Firms are entitled to use workers supplied by an external agency to cover for striking employees, as long as they are employed directly by the firm and not by the agency supplying the workers, legal experts have said.
The clarification comes as the postal union CWU has repeated its threat to take Royal Mail to court over its decision to hire agency workers to help cope with recent industrial action. Last week Royal Mail announced it would hire 30,000 temporary workers to clear the backlog in post created by earlier local action.
The Communication Workers Union (CWU) is still seeking legal advice as to whether this could be in breach of the Conduct of Employment Agencies and Employment Businesses regulations, which make it illegal for temporary workers to be used to undertake the work of striking employees. A decision is expected later today.
But law firm Pinsent Masons today said it was possible for an employer to use an employment agency to supply workers to cover for striking employees, so long as the firm employed them directly.
An agency workers guide, issued today, said: “Employers can use an employment agency to supply workers and employ them directly. An employment agency can lawfully supply workers for the employer to employ directly at any time. The agency could even do the pre-recruitment screening. It follows that the employer can make use of the services of such an agency without aiding and abetting any criminal offence by the agency, since none would exist.”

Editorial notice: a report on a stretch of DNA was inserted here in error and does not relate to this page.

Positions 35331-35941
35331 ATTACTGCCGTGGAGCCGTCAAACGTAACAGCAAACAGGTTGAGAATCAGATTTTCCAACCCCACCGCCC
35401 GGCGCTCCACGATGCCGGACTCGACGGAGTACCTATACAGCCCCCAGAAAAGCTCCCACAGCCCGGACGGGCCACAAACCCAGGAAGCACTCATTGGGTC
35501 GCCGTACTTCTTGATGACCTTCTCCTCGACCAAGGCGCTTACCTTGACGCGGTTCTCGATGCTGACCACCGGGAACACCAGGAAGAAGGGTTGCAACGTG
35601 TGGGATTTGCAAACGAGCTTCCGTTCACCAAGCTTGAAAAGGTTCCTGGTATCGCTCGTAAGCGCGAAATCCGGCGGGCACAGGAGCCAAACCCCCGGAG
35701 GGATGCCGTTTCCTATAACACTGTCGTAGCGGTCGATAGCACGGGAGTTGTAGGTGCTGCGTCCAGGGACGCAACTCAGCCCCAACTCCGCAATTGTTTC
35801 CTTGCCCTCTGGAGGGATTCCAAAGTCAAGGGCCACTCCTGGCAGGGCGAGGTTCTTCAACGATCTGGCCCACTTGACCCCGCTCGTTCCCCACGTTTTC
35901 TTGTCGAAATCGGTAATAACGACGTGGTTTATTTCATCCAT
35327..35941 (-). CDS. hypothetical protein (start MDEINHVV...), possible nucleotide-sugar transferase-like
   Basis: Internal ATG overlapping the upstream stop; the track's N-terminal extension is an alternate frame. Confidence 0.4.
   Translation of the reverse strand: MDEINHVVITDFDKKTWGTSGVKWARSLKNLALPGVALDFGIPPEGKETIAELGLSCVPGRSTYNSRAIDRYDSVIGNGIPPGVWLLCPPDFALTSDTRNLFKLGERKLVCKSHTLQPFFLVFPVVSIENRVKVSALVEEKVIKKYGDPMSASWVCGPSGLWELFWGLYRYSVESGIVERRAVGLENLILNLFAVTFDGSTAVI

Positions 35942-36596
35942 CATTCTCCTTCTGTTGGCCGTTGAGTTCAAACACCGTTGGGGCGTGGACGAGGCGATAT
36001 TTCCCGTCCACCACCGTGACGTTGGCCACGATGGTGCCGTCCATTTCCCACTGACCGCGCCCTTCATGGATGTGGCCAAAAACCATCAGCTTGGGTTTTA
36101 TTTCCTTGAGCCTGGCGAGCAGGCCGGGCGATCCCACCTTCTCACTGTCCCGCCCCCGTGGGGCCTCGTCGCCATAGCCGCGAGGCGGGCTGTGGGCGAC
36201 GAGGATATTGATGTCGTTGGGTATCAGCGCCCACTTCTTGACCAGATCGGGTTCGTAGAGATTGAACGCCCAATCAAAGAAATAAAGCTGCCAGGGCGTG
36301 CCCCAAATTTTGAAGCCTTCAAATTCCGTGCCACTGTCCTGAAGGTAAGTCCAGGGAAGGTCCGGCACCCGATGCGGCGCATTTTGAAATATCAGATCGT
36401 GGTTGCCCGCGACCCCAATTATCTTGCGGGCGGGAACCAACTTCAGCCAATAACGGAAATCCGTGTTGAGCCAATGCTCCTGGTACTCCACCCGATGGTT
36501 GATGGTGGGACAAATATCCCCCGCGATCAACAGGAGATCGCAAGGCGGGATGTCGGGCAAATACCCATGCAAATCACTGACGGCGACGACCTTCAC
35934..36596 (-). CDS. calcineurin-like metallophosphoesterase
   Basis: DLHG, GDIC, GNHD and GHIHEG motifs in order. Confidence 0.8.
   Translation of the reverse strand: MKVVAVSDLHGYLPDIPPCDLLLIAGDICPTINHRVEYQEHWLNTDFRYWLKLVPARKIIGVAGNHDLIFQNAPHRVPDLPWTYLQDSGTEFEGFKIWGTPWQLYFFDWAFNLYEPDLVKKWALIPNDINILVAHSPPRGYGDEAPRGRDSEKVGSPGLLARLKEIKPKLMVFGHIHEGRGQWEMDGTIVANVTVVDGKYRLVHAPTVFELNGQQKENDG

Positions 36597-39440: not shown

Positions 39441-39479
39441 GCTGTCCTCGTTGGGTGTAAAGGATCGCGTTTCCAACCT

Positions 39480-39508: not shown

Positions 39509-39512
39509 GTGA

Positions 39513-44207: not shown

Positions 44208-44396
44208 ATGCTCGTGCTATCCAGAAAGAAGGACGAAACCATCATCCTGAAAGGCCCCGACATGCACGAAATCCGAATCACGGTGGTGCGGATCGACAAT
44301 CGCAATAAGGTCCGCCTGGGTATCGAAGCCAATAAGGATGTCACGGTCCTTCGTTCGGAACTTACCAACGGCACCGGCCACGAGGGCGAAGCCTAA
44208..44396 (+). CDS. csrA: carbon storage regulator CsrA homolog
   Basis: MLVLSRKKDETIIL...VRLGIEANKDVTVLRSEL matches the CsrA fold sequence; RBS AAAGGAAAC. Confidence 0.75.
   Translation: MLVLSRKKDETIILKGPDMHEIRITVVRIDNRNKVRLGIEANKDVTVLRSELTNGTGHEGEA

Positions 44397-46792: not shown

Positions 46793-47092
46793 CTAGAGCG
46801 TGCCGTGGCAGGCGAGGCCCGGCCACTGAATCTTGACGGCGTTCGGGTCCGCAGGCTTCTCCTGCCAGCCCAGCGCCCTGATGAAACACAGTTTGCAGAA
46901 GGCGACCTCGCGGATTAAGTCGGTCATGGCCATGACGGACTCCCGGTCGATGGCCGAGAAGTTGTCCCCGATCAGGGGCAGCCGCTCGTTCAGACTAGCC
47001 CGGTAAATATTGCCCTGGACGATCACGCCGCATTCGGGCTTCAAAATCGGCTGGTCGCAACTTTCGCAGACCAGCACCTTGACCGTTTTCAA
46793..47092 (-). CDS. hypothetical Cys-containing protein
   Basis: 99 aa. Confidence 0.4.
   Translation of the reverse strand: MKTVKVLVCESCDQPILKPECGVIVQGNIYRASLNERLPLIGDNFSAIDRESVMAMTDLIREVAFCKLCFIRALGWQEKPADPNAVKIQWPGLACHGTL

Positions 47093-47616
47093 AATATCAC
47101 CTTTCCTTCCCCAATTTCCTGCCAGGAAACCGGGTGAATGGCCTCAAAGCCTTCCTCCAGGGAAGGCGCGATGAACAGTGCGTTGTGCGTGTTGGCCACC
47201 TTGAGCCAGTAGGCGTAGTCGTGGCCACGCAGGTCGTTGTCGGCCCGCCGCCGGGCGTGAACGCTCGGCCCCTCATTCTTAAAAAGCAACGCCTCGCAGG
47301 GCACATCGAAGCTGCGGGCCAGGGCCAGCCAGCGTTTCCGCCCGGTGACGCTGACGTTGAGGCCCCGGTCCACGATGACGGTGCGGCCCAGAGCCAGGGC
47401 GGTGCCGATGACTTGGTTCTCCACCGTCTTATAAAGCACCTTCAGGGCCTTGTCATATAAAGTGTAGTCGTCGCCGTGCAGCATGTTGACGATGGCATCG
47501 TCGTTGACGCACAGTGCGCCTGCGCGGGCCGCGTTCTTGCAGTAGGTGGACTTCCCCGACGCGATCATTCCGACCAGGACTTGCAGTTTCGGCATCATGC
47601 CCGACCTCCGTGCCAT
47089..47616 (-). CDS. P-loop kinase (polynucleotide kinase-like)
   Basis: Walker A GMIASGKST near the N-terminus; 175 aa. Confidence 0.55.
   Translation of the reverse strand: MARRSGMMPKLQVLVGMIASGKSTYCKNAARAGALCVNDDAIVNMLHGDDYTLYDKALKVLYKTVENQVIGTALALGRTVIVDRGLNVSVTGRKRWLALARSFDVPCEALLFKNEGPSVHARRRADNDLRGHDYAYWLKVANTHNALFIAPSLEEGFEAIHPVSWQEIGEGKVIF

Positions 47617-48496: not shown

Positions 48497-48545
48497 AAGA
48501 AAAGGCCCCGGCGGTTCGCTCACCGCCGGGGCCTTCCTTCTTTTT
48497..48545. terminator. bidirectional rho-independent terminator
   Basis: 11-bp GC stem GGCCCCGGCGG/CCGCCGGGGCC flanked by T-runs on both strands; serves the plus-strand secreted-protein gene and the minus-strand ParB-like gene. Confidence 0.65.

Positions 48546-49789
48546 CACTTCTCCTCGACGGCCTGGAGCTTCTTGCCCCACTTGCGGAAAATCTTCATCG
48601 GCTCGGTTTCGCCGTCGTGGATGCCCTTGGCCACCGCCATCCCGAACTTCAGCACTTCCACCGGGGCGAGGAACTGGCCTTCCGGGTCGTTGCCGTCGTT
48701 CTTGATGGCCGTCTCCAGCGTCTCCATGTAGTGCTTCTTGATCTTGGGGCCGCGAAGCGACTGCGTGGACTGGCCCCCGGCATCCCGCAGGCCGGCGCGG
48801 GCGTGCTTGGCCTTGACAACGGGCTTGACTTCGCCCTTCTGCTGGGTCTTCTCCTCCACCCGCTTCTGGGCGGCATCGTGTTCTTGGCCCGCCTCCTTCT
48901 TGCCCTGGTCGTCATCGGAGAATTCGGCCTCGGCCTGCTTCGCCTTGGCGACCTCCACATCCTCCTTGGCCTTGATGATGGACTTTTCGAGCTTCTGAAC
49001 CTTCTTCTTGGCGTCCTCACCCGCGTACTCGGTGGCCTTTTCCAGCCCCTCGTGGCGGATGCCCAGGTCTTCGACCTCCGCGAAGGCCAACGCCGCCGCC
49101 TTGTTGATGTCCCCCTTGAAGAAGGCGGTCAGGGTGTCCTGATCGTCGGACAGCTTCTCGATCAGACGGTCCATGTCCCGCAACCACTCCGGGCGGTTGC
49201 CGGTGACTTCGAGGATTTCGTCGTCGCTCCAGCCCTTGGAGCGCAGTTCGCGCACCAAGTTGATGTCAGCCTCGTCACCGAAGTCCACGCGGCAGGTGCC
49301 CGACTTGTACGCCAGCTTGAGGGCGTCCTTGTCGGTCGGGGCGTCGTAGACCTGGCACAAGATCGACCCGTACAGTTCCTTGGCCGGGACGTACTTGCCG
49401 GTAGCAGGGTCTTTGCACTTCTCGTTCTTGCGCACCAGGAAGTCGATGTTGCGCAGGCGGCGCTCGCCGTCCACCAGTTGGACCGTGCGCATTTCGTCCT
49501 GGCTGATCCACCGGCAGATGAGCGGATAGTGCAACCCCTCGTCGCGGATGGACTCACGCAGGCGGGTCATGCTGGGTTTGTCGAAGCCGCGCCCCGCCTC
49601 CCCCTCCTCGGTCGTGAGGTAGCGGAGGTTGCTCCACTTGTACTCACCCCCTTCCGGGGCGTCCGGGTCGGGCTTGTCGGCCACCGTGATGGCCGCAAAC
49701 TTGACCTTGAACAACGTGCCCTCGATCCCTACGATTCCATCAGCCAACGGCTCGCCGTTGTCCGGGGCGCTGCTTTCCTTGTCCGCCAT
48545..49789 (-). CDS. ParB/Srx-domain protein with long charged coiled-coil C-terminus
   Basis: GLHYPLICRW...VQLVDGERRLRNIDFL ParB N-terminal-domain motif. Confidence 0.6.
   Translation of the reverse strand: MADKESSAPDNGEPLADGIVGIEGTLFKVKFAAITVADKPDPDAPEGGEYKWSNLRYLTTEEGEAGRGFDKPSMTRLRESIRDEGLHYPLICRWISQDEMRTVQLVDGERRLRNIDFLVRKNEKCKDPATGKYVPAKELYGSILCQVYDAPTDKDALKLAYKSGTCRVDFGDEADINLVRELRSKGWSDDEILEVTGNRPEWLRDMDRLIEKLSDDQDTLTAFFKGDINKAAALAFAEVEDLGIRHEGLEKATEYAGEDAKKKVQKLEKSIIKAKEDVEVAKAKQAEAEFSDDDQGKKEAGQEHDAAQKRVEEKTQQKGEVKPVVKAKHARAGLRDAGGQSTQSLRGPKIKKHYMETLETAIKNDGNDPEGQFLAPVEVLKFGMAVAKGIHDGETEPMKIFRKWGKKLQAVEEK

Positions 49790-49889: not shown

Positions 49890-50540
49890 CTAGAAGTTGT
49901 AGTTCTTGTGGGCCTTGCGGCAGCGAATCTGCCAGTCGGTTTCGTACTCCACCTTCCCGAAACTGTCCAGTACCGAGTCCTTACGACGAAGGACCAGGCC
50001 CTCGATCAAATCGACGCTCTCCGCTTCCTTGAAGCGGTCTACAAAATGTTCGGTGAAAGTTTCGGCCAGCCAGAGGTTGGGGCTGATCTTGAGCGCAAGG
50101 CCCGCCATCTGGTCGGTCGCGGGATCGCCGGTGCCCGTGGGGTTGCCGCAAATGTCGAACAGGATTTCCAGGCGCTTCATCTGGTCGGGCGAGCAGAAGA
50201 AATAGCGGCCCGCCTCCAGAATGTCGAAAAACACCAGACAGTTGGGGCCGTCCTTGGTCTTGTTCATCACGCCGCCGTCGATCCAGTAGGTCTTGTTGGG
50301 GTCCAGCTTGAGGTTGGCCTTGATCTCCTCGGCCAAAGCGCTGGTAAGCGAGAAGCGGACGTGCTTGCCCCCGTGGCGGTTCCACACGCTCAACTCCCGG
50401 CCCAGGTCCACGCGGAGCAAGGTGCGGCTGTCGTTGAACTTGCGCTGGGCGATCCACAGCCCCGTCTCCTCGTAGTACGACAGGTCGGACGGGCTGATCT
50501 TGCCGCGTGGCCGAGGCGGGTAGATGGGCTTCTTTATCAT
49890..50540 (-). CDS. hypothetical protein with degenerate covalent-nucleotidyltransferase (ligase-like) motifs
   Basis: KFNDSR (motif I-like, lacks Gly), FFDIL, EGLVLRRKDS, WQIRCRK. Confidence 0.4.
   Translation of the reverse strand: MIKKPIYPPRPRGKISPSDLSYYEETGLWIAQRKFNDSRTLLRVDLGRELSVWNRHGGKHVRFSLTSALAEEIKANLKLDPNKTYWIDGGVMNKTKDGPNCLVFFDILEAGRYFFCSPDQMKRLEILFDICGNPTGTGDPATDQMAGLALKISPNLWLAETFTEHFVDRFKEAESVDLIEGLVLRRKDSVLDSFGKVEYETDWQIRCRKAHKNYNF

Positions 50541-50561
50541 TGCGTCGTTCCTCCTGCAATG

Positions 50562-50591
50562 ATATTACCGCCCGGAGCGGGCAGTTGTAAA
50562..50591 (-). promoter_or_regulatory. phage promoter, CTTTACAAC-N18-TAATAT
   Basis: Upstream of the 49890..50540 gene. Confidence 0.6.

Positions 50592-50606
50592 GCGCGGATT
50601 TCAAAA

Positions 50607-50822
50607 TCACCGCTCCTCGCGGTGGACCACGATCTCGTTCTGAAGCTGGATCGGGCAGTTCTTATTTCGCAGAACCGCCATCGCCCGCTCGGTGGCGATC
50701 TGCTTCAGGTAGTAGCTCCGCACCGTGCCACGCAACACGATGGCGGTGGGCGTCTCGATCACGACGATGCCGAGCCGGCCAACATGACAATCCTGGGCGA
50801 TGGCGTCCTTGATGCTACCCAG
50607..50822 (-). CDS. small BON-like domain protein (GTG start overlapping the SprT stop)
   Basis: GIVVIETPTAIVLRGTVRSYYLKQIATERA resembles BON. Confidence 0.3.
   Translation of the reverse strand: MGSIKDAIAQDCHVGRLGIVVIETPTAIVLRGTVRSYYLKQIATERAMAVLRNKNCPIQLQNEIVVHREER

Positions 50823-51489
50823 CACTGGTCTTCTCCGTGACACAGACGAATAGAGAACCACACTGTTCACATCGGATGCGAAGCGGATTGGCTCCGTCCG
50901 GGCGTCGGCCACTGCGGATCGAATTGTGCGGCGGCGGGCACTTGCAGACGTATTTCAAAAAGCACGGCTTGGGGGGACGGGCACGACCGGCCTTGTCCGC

It added: “An employer can move existing employees from other parts of the business (or group) to cover for striking employees: this might be inflammatory but is not unlawful. These employees might be workers recruited via an employment agency but employed directly by the business, but they must not be ‘agency workers’.”
A CWU spokesman previously told Personnel Today: “Court action is something we are very serious about. If Royal Mail goes ahead with the hiring of the 30,000 agency workers then we will be looking at legal action.”
Royal Mail insisted it was acting fully in line with employment law. The temps were being hired to clear a backlog of letters, not to do the work of the postal workers while they were on strike, it said.
Talks between Royal Mail and the CWU were also set to continue today in a last-ditch attempt to avert further strikes.